Going into the quarter pole of the 2015 NFL season, Green Bay has become the clear favorite to capture its fifth straight NFC North Division title. The Packers have looked and played like the best Football team this season, and arguably shares the best overall with defending Super Bowl champion New England Patriots, also 3-0.

Green Bay came out swinging Monday night, punching the Kansas City Chiefs right in the faceguard with an offense that moved the ball and scored in bunches, and a stingy defense that took advantage of an inept Chiefs passing game to focus on the run for a 17-point halftime lead.

However, the third game of the season will not be remembered as an artistic gem. From there the Packers lost a little interest, allowing the Chiefs to creep back with 21-point second half before hanging on for a 28-18 win at Lambeau Field and a national television audience.

By the new “Get Loud Lambeau” standard, it was a pretty mellow crowd of 73,214 compared to last Sunday night’s thunderous ovation against Seattle. Packer players and coaches commented afterward that it was the loudest game they’ve heard there.

Part of it was due to the quiet efficiency of Aaron Rodgers, who peppered the Chiefs with quick jabs—an 8-yard touchdown toss to Ty Montgomery and a 3-yard quick out pass to Randall Cobb—for a 14-0 lead, as the Packers outgained K.C.

in first-quarter yardage, 150-3. A 27-yard scoring pass to James Jones ended the half with the Packers leading, 24-7.

The scoring drives in the second half concluded with 5-yard and 4-yard touchdown tosses to Cobb as Rodgers finished the night with 24 completions in 35 attempts for 333 yards and five touchdowns.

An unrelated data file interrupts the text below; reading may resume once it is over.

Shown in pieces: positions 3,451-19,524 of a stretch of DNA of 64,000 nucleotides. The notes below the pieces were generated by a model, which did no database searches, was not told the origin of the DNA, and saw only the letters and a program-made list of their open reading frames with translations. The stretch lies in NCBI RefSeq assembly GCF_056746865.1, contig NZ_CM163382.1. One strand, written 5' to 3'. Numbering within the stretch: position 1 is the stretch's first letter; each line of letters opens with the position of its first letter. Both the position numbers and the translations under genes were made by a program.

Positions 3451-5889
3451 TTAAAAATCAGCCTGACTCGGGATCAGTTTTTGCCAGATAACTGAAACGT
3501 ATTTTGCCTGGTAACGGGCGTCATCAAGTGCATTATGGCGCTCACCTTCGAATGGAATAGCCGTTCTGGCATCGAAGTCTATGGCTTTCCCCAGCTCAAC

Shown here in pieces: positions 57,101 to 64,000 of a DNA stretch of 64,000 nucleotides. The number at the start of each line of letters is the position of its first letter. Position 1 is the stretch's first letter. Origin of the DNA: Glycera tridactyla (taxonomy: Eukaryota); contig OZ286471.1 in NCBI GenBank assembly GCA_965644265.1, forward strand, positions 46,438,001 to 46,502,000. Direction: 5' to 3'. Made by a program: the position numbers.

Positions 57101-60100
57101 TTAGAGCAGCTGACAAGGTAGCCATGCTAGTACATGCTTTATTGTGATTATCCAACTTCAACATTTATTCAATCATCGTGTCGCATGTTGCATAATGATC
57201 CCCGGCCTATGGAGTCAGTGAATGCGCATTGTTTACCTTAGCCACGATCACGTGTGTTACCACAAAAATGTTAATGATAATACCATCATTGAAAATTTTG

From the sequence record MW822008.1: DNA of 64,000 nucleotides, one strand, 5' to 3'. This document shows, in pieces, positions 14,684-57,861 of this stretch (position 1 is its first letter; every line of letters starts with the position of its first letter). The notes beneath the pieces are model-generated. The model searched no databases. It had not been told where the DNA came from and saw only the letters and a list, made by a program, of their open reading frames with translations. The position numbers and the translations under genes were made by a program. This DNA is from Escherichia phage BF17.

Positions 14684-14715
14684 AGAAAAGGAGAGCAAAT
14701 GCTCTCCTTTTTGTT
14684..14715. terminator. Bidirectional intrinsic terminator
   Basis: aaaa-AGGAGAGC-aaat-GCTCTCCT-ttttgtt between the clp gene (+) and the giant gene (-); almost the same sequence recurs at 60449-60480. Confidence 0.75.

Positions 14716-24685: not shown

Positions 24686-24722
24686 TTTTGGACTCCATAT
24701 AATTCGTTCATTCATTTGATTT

Even a sure interception by K.C. was dropped, keeping Rodgers streak alive at 486 consecutive pass completions at home without an interception, good for 43 touchdowns.

It was also a sloppy and sloppily-played game, especially when the rain intensified in the second half. The Chiefs scored three touchdowns in the final quarter and a half, but missed on a two-point conversion to keep the point differential at 10 with 1:25 remaining.

Other than Rodgers, the stars of the game was the Packers defense, which sacked quarterback Alex Smith seven times and held Pro Bowl running back Jamaal Charles to 49 yards rushing, although he did score three touchdowns. Mike Daniels spent most of his time in the Chiefs backfield, registering 1.5 sacks, a tackle for loss, a hurried pass and forced fumble. Clay Matthews also recorded two sacks and Sam Shields had an interception as the Chiefs offense was held to seven possessions of three or fewer plays through the first three quarters of the game.

The Packers committed 12 of the 19 penalties in the game for 89 yards, but more importantly they didn’t commit a turnover for the second time this season (one fumble, 0 interceptions).

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